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# proefschrift gommer inhoud met kaft.indd

Chapter 2
Appendix
The threshold for significant coherence depends on the degrees of freedom in the
spectral analysis 12. For sufficiently large degrees of freedom, the estimated
coherence can be approximated by a#2 distribution. Thus, equation A.1 merely
applies an F-test with 2 and$-2 degrees of freedom,
2F (c )
i min ? 2,p /2 (A.1)2
p / 2 - 2F2,p /2 (c )
where 2min is the minimum level above which the squared coherence signifi-
cantly differs from zero. With equation A.1 the coherence threshold for each
combination can be calculated. Others 26 used the following calculation of the
2
coherence threshold:i min ? 1/ c p /2 5. This results in exactly the same cohe-2
rence thresholds as when applying the F-test criterion.
The degrees of freedom are determined by the parameters used for spectral
estimation and can be divided into two parts, one for the spectral averaging and
one for the spectral smoothing. The total number of degrees of freedom for the
combinations is the product of both numbers of degrees of freedom. The degrees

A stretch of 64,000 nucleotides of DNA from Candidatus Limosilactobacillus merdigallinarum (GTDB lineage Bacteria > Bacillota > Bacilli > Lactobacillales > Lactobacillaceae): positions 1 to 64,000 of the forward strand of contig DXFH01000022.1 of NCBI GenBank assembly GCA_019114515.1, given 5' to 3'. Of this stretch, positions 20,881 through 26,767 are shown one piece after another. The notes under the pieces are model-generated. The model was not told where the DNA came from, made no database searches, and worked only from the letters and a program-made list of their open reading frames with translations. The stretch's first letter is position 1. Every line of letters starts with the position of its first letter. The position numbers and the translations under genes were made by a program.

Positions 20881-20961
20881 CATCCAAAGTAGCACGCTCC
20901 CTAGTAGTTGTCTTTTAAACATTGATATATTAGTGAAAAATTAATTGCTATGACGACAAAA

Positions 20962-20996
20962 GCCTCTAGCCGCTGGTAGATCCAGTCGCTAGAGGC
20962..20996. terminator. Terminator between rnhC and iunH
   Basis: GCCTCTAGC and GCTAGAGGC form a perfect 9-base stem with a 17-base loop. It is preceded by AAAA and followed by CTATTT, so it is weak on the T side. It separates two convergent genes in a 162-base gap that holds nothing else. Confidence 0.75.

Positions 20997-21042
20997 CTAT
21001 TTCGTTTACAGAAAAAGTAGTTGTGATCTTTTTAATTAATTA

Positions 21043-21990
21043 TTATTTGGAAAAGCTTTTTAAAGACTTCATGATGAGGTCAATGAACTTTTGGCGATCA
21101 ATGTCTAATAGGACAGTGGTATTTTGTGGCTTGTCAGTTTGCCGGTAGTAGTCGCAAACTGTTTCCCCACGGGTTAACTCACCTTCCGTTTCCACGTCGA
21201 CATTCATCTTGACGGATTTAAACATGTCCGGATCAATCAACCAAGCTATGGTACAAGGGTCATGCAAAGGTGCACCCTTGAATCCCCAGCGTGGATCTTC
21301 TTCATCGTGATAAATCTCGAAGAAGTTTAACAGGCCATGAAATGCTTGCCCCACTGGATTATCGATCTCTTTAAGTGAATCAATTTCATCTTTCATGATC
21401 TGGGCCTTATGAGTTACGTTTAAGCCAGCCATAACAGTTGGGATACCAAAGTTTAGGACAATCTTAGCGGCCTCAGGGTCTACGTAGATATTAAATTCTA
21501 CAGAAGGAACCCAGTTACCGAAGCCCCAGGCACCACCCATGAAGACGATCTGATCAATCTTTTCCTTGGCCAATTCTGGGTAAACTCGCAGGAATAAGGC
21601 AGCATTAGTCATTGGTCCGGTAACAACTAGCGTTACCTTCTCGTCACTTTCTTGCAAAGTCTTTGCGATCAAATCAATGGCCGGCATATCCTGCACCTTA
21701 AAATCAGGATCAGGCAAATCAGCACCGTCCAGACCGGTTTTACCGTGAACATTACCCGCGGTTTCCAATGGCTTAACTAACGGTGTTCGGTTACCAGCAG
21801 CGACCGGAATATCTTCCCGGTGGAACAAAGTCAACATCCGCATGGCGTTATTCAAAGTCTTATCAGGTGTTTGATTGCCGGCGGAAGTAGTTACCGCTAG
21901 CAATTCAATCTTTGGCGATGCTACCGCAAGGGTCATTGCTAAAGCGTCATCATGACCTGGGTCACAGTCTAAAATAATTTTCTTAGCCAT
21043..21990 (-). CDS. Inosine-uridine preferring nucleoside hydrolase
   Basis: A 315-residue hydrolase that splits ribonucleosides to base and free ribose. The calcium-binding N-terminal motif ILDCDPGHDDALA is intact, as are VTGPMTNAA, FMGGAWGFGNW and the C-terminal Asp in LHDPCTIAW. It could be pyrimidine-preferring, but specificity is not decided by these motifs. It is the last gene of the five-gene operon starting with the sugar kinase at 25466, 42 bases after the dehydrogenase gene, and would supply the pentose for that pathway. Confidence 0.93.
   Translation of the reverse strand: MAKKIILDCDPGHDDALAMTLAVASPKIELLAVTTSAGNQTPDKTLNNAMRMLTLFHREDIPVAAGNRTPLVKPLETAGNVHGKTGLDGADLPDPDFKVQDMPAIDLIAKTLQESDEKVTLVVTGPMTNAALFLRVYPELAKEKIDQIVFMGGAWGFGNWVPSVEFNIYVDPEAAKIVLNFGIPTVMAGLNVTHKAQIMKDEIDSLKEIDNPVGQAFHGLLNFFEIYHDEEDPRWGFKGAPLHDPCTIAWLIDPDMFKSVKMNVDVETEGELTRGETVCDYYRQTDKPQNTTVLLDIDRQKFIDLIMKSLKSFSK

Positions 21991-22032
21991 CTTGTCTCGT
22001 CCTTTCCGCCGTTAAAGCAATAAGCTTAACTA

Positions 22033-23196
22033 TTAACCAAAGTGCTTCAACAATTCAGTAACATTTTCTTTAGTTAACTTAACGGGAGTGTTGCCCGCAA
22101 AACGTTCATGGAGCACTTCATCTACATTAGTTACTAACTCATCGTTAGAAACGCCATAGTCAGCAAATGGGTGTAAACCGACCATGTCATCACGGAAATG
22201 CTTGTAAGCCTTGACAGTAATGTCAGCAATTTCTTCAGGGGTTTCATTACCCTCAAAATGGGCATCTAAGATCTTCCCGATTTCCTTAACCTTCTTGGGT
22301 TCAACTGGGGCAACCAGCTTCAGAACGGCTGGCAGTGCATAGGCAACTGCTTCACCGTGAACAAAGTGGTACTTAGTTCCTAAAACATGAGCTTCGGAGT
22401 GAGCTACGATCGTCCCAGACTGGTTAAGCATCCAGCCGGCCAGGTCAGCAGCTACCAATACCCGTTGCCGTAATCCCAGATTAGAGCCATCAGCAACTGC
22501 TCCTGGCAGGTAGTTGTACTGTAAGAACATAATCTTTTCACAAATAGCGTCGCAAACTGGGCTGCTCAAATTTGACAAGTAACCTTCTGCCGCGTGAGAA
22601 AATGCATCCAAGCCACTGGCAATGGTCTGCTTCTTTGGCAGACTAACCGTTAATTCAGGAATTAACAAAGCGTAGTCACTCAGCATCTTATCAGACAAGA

of freedom for the spectral averaging is equal to the number of data segments and
are proportional to N/L, where N is the total numbers of samples in the recor-
ding and L is the number of samples per segment.
For a 15-minute period this means that with L=256 N/Lð 17.6, resulting in$ = 17.
For a 5-minute period this results in$ = 5 degrees of freedom. For combinations
III and IV, L=2048 and so N/Lð 2.2 resulting in$ = 2 degrees of freedom.
For the degrees of freedom for the spectral smoothing the triangular smoothing
window defined in equation A.2 needs to be taken into account.
1 1
Wi ? h -1 / (h -1) 2 i (A.2)
The degrees of freedom of this triangular smoothing window can be derived
from equation A.3.
2
p ? (A.3)
h
-Wi 2
i?/h
and for the different window widths the degrees of freedom are listed in table A1.
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